At some point, it became clear to me that while every concussion story we published would get passed around by our colleagues on social media, that’s where the engagement ended. This didn’t mean that other people weren’t aware or concerned; they just didn’t seem to feel the need to learn anything more about it. In 2017, long after I left the site, The Washington Post published a poll that showed that nine out of 10 sports fans thought head injuries were a problem in professional football, but 74 percent were still football fans.
I am not here to scold people for continuing to love football. Like many of you, I watch the N.F.L. on Sundays, Mondays and Thursdays. On off days, I watch the yelling sports shows. I mostly tune in to “NFL RedZone,” a hyperactive, adrenaline-pumping, seven-hour show that flips among games and graciously cuts away whenever a player is knocked out (usually after an excruciating, slow-motion replay of the hit). The host of the show will then say something about a concerning situation and promises the viewer he will monitor it before moving on to some other matchup.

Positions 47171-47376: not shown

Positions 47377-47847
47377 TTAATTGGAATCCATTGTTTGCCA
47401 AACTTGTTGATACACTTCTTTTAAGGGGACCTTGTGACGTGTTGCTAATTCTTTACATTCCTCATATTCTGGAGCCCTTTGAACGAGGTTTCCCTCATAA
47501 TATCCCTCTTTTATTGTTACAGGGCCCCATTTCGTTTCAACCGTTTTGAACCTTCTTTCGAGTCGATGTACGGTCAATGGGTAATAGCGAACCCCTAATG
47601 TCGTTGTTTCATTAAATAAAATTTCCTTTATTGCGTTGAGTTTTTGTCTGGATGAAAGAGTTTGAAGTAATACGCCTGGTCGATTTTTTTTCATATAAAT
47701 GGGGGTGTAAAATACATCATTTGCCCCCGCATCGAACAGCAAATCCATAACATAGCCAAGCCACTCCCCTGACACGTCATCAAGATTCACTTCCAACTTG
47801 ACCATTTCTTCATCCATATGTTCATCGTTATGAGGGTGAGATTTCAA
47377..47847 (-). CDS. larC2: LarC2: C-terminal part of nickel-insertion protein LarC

The way we watch football today feels like a capitulation that’s interesting because of how common this kind of giving in has become in modern life. We, the concerned public, may flare up our indignation for a short period when faced with an obvious problem — from school shootings to Covid policy — but there’s no real sense that we can do anything about these issues that make us mad.